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Component vs Prop drilling in React

patroza profile image Patrick Roza Originally published at patrickroza.com on ・3 min read

Recently, often the question is asked if Hooks and Context replaces Redux. It is more a question of do you need Redux, and perhaps how Hooks and Context can help you write cleaner, more functional, more composable code.

I stumbled upon these topics in:

In these series, I will try to make a point why I think you can achieve most usecases without needing Redux, and perhaps how Hooks and Context may help you with that.

Let's first examine what is often recommended as alternative to Redux:

  1. A container component that centralizes the state, and then leverages "prop drilling" to pass props down to all child components. Creating coupling between the components, sometimes multiple levels deep.
  2. Multiple components that manage their own state and upgrade to Context/Provider API once state is more shared. Continueing "prop drilling". Also as clients sometimes have a hard time to make up their mind, it may lead to a lot of jumping around of where the state should live.

Improvement 1: Component Drilling instead of Prop Drilling

A prop drilling sample:

const SomeScreen = ({ someAction, someProp, someOtherProp, someOtherChildProp }) => (
  <div>
    <SomeComponent someProp={someProp} />
    <SomeOtherComponent
      someOtherProp={someOtherProp}
      someOtherChildProp={someOtherChildProp}
      action={someAction}
    />
  </div>
)

const SomeOtherComponent = ({action, someOtherProp, someOtherChildProp}) => (
  <div>
    <SomeOtherChildComponent
      prop={someOtherChildProp}
      action={action}
    />
  </div>
)

What makes this prop drilling is the fact that SomeOtherComponent takes someOtherChildProp and someAction, which are actually props of the SomeOtherChildComponent.

Now with component drilling:

const SomeScreen = ({ someAction, someProp, someOtherProp, someOtherChildProp }) => (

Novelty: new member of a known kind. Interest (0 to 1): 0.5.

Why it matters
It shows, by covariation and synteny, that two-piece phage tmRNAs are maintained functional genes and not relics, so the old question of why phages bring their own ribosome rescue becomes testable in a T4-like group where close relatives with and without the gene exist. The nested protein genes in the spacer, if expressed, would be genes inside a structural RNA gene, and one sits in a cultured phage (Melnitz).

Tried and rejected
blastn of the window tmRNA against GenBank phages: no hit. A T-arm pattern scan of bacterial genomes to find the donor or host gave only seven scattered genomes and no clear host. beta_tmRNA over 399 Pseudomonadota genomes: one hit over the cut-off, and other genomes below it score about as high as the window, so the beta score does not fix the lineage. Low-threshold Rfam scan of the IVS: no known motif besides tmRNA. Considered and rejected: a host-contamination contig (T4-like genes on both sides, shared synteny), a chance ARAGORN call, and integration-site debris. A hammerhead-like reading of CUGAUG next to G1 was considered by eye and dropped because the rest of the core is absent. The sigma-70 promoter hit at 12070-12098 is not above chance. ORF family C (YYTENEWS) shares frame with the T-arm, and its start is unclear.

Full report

<div>
    <SomeComponent someProp={someProp} />
    <SomeOtherComponent someOtherProp={someOtherProp}>
      <SomeOtherChildComponent
        someProp={someOtherChildProp}
        action={someAction}
      />
    </SomeOtherComponent>
  </div>
)

Here we stopped making SomeOtherComponent responsible to pass the props for SomeOtherChildComponent. Of course this moves the coupling from SomeOtherComponent to the Screen instead. Better; it lives closer to the definition, there are less players involved in coupling.

Improvement 2: State in Hooks/HOCs, so that it can be easily upgraded/downgraded from shared to local state etc.

The goal is to decouple the 'detail' if state is local, shared, or global. Also, the source of the state will be abstracted (imagine that some of the state comes from REST/GraphQL/localStorage it doesn't matter)

// written as hooks, but can be written as HOCs as well
const useSomeProp = () => {
  const someProp = // ...
  return { someProp }
}
const useSomeOtherProp = () => {
  const someAction = // ...
  const someOtherProp = // ...
  const someOtherChildProp = // ...
  return { someAction, someOtherProp, someOtherChildProp }
}

const SomeScreen = () => {
  const { someProp } = useSomeProp()
  const { someAction, someOtherProp, someOtherChildProp } = useSomeChildProp()
  return (
    <div>
      <SomeComponent someProp={someProp} />
      <SomeOtherComponent someOtherProp={someOtherProp}>
        <SomeOtherChildComponent
          someProp={someOtherChildProp}
          action={someAction}
        />
      </SomeOtherComponent>
    </div>
  )
}

As you can see, the props now come from 2 hooks (which could be written as HOCs as well)

Now imagine that we want to use the same state of useSomeOtherProp elsewherec:

const SomeContext = createContext()
const useSomeOtherProp = () => {
  const someAction = // ...
  const { someOtherProp, someOtherChildProp } = useContext(SomeContext)
  return { someAction, someOtherProp, someOtherChildProp }
}

// Wrap the `<SomeContext.Provider value={...state} />` around the `SomeScreen`

Now imagine that SomeOtherComponent has to become more nested, or used in other places:

const SomeOtherComponent = () => {
  // moved from SomeComponent
  const { someAction, someOtherProp, someOtherChildProp } = useSomeChildProp()
  return (
    <div>
      <h1>{someOtherProp}</h1>
      <SomeOtherChildComponent
        someProp={someOtherChildProp}
        action={someAction}
      />
    </div>
  )
}

// Move the <SomeContext.Provider where-ever it makes sense to be able to access the shared state.

Slots

Of course component drilling does not mean only children, you can also drill components through props ;-)

const SomeOtherComponent = ({ children, left, right }) => (
  <div>
    <div>{left}</div>
    <div>{children}</div>
    <div>{right}</div>
  </div>
)

// Usage
<SomeOtherComponent
  left={<SomeChildComponent1 action={someAction} />}
  right={<SomeChildComponent2 ... /> }
>
   Some center content
</SomeOtherComponent>

In closing

There's of course more to it, more trade-offs to consider, room for optimizations etc. But we can address them once they become relevant. That's the beauty of a flexible architecture; make things just flexible/plugable enough so that once changed requirements come (and they will), you can respond to them quickly.

Discussion

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thanks your the article. in summary, "keep your views shallow and do all the routing in one place"